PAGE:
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Re: Non-free section

Christoph wrote:
> How about having a non-free section in each distribution but then putting
> the packages into the proper places through symlinks?
> I.e. the metrox wrapper would go into the x11 section where you would
> expect such things. But it would only be present through a symlink into
> the non-free section where the real file is to be located.

I'd only like this if the packages were clearly identified as being 
non-free in dselect (and other front-ends).  Mixing proprietary packages 
in with non-proprietary packages should only be done with some fore-thought, 
otherwise the user will end up with a proprietary system.  :-(

> If Cd-Roms are made then obviously a couple of dangling symlinks exist.
> The Cd-Rom owner could then retrieve the non-free directory tree via ftp
> and have a complete distribution.

I sort of like what Bruce wrote earlier about possibly using a union 
where some files would be downloaded from the net, and some could be
located on a CD, or a mounted partition.  I think you can do this with IFS,
but I heard is was somewhat broken.  I think amd has something for this too.
Maybe the "access" methods from dselect could be improved and put into a 
separate program so that dpkg could use them.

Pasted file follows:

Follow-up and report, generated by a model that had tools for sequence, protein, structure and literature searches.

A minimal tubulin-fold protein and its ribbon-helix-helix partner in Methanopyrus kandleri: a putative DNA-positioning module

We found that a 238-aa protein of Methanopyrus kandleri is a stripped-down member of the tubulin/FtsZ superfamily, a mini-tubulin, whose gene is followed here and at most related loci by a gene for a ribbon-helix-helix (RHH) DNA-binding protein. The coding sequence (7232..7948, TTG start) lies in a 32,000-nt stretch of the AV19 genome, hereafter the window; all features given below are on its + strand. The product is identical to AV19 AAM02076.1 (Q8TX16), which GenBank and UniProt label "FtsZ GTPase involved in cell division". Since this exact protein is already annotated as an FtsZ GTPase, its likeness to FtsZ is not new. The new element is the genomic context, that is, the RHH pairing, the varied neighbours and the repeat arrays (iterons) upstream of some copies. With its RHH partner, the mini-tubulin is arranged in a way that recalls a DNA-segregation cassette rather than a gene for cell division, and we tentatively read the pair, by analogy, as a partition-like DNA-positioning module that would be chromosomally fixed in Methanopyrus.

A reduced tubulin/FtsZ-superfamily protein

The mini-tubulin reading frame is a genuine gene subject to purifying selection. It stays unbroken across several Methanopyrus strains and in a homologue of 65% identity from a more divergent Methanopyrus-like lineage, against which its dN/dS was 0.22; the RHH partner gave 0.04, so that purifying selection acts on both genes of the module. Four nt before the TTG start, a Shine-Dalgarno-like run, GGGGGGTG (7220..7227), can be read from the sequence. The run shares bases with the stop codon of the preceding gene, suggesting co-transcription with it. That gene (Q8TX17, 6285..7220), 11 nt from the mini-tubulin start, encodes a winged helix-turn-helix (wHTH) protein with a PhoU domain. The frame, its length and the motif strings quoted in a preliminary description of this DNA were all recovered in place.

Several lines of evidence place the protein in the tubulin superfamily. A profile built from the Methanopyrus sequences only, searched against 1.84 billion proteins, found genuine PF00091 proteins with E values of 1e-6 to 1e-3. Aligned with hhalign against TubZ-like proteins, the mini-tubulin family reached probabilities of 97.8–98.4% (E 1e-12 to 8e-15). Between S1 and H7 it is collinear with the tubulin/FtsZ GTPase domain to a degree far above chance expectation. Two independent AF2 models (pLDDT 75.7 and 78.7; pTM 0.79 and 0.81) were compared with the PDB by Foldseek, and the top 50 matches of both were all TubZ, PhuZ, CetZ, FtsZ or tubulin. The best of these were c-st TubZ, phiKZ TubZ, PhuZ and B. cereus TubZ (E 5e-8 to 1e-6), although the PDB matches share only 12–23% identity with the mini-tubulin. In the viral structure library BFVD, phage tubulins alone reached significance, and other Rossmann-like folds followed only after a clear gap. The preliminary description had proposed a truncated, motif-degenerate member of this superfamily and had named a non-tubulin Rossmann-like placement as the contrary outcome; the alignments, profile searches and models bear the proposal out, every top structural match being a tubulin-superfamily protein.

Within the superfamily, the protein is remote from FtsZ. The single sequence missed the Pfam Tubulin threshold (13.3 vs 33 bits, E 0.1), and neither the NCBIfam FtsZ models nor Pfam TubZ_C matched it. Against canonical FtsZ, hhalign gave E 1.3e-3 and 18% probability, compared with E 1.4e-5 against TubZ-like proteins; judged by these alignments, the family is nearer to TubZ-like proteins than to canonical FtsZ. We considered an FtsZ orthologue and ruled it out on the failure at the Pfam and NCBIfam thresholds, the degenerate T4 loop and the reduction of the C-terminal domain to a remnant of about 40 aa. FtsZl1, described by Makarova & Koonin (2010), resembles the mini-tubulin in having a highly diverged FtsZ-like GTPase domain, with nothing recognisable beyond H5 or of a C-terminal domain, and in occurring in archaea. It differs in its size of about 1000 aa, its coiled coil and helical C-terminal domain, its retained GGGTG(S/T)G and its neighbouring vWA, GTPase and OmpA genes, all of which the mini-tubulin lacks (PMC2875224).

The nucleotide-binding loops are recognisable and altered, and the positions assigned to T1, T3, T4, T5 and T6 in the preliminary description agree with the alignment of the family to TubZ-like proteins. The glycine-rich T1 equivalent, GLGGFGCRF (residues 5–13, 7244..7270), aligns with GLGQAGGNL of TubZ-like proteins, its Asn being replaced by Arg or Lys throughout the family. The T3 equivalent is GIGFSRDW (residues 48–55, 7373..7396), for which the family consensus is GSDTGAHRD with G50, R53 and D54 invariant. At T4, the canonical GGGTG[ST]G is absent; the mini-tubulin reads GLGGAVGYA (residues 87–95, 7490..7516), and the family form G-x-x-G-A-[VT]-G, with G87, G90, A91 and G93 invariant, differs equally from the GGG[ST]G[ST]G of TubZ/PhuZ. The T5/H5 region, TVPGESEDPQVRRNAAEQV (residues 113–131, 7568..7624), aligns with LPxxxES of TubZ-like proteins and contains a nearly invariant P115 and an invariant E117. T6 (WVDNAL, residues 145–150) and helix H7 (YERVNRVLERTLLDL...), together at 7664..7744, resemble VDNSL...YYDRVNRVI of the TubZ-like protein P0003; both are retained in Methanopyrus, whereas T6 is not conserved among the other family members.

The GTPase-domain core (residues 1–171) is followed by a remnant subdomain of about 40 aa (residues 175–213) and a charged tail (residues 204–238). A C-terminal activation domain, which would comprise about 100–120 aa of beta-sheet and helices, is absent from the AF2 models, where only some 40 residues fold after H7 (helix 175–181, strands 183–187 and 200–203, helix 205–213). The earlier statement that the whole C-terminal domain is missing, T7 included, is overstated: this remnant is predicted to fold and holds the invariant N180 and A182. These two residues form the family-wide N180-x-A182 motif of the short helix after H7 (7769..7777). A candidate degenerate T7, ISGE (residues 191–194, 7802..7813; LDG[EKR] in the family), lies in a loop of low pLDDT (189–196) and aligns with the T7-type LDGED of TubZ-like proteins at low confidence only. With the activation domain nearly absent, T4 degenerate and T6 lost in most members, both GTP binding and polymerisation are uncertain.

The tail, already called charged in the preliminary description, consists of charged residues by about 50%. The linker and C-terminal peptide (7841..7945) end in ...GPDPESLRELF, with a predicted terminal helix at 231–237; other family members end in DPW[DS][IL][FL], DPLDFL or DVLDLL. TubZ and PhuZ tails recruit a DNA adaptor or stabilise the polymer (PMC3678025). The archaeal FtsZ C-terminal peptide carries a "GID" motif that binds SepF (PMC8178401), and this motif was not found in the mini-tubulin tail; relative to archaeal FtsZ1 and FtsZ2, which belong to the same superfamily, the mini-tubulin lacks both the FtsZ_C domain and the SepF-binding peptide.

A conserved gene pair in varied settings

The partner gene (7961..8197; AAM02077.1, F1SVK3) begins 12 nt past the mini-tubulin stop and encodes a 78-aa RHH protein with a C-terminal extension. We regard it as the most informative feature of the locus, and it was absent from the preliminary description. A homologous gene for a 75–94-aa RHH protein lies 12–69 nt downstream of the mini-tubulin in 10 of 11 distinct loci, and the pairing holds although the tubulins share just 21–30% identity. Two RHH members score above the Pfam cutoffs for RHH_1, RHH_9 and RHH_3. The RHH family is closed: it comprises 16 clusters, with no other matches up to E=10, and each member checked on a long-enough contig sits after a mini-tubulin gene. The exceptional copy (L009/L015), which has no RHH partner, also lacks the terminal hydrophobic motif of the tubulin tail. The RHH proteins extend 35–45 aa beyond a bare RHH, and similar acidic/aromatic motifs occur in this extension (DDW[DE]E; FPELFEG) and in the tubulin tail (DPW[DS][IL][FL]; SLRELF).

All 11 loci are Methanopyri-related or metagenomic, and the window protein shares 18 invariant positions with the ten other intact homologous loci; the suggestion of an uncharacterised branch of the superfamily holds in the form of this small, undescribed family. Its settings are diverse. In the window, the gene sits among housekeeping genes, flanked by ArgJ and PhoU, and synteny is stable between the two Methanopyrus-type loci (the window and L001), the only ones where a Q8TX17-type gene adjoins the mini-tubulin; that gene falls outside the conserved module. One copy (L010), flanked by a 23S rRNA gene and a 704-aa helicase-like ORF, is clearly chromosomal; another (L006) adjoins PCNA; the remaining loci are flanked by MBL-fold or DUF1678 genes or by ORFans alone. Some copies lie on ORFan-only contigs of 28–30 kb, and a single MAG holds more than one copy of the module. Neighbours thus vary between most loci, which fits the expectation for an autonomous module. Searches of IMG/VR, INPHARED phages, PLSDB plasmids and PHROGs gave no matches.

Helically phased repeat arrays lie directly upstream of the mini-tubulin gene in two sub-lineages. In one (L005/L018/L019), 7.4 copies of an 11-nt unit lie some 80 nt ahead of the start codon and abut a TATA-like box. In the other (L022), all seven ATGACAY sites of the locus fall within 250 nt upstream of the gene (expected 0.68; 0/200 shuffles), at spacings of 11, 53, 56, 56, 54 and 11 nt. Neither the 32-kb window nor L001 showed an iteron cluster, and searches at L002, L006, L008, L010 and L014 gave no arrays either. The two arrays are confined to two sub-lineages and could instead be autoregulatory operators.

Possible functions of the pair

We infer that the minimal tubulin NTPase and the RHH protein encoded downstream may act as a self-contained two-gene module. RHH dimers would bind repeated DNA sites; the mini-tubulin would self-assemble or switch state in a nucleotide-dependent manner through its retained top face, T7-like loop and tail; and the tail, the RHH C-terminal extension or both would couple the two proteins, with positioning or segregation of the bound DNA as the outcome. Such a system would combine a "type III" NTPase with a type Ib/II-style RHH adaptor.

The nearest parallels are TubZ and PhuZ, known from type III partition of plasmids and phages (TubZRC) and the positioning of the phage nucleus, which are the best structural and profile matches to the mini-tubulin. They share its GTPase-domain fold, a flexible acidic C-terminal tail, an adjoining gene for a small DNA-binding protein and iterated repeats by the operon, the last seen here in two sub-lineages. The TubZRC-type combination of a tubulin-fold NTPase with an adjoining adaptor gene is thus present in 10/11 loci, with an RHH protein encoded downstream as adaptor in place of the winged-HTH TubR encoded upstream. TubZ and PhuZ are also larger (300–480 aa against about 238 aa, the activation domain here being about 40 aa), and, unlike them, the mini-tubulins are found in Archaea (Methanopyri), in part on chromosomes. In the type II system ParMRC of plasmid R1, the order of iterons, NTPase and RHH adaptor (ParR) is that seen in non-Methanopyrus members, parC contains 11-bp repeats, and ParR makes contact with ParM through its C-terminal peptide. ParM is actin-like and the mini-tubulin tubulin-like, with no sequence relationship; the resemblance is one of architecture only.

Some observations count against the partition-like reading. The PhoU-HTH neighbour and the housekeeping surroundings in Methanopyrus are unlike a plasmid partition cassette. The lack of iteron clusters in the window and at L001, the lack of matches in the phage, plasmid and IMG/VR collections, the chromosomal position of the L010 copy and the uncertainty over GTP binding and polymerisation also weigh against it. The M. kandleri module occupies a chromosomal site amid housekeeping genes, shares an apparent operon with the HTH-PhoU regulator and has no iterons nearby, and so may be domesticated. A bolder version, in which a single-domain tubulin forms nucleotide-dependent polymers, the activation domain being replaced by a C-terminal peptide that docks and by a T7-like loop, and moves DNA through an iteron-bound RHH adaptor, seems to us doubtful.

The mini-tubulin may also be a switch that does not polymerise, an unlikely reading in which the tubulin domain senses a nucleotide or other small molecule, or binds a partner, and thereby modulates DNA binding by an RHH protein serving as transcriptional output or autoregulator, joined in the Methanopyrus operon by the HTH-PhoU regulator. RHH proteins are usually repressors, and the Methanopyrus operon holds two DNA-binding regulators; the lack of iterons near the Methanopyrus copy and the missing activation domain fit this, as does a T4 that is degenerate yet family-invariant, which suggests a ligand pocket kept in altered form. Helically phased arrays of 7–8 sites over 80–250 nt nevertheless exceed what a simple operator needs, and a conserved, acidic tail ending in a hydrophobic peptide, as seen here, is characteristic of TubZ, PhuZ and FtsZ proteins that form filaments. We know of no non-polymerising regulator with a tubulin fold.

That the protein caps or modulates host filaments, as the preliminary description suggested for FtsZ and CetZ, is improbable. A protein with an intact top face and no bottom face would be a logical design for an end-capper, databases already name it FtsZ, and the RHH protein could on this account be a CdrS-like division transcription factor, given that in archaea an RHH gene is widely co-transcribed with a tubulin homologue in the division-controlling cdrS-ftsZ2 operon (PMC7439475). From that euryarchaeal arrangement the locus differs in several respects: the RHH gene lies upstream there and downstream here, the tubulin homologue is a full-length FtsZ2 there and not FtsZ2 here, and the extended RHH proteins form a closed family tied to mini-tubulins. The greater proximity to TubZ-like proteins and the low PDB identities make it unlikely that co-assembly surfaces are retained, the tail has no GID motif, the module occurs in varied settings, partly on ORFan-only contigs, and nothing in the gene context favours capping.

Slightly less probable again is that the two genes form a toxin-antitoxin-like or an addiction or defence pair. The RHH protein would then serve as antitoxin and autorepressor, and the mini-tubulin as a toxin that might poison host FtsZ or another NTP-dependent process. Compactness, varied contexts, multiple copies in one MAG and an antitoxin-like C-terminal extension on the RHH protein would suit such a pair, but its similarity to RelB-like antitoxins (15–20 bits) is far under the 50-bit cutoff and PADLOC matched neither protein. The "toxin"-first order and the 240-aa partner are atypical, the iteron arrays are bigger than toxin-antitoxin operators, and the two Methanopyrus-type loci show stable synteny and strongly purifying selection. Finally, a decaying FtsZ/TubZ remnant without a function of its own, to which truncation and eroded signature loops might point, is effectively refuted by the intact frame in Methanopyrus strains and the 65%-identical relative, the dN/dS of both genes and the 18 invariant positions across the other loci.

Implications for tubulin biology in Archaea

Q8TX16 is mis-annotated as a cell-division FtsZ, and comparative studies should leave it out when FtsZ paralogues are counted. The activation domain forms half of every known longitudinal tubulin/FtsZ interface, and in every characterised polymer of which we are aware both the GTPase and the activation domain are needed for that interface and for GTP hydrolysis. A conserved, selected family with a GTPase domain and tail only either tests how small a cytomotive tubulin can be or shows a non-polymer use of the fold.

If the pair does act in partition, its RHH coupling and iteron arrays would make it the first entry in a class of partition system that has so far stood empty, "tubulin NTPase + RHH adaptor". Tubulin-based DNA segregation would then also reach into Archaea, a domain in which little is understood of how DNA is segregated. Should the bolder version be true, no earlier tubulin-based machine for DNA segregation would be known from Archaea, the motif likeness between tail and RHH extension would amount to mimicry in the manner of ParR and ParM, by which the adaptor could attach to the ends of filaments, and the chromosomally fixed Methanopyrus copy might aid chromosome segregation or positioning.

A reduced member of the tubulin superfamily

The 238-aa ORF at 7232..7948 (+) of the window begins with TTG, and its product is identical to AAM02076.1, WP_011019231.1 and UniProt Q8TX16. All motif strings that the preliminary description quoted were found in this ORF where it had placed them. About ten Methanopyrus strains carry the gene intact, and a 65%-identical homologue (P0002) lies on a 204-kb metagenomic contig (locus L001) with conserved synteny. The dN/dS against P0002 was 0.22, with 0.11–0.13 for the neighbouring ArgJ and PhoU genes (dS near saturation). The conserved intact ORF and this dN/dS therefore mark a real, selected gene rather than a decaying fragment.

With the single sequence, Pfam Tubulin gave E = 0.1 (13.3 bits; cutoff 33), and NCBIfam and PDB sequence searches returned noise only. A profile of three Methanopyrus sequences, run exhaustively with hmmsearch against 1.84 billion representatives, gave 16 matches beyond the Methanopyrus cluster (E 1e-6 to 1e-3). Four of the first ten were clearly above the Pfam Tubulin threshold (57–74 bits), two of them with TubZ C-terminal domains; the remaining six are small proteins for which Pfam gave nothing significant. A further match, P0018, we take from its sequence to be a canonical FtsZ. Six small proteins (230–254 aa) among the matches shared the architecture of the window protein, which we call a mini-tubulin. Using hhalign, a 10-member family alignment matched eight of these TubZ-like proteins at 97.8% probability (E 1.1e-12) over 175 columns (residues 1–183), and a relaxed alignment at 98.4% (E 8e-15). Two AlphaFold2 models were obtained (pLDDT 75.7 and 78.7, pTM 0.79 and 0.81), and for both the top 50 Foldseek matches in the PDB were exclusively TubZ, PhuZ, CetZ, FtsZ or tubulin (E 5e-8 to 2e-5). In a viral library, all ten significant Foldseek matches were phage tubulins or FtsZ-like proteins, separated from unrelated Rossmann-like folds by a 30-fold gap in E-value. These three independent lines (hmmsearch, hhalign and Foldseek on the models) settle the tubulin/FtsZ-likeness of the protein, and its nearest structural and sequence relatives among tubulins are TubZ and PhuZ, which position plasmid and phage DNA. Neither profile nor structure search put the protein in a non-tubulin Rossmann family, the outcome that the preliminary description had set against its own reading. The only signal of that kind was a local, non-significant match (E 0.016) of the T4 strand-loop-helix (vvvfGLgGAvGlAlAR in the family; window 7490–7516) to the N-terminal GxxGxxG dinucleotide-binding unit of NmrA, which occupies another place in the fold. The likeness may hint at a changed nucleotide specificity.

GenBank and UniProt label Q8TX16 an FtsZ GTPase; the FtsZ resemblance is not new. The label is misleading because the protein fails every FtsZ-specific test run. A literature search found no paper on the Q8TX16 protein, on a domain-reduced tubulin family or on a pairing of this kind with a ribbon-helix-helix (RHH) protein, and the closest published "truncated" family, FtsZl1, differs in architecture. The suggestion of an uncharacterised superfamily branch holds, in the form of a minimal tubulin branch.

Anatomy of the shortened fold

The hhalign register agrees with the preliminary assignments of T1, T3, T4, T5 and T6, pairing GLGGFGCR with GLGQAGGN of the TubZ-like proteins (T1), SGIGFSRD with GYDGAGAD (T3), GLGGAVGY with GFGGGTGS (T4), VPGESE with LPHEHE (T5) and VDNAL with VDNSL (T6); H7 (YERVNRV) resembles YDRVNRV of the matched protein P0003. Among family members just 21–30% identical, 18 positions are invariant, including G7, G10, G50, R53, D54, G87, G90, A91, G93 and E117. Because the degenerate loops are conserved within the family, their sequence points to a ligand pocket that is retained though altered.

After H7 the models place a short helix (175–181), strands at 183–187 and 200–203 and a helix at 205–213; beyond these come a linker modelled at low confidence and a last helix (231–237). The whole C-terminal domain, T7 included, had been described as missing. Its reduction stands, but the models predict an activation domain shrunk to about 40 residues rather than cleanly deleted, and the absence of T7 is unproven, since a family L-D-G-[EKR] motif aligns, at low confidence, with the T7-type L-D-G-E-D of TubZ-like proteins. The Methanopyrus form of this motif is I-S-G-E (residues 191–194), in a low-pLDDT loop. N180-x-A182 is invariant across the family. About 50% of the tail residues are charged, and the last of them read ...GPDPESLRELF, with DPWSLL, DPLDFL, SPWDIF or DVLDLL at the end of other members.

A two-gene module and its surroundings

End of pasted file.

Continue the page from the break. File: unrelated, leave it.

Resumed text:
> I am having a hard time finding stuff with the current scheme. Its very
> annoying that pine, pico and ncftp are separate from the scheme of
> packages that we use otherwise.

The list of packages presented is overwhelming.  There needs to be some more
support for different ways of finding and installing packages.

I'd like to see a view in dselect that ordered packages in reverse
cronological order based on the date they were uploaded.  dselect does show
the "new" packages, but only for the first time you look at it.

I'm going to start work on way of installing packages via a cgi script --
experimental, of course.  This would enable us to build a "map" of the
various packages using hypertext, complete with descriptions, install
instructions, dependency information, gotcha's, related packages, etc.

When the user (authenticated, of course) clicks on the link to actually
install a package, a java-based telnet applet will load which will handle 
the I/O from dpkg.  The disadvantage of this scheme is that it will only
work with Java-enabled clients such as Netscape (no lynx).  :-(

Eventually, we could develop a way of writing the package postinst/prerm 
(and other) scripts so that conforming packages would have all I/O handled 
via some other simplified mechanism.   Then generic cgi scripts could be 
used to handle the installation prompting and questions.

This would also be a nice solution (I think) for developing tools for 
installing/configuring packages remotely.  Just write perl scripts to
send data to the cgi scripts running on your remote machines.

Comments?  Should I do this?


 - Jim

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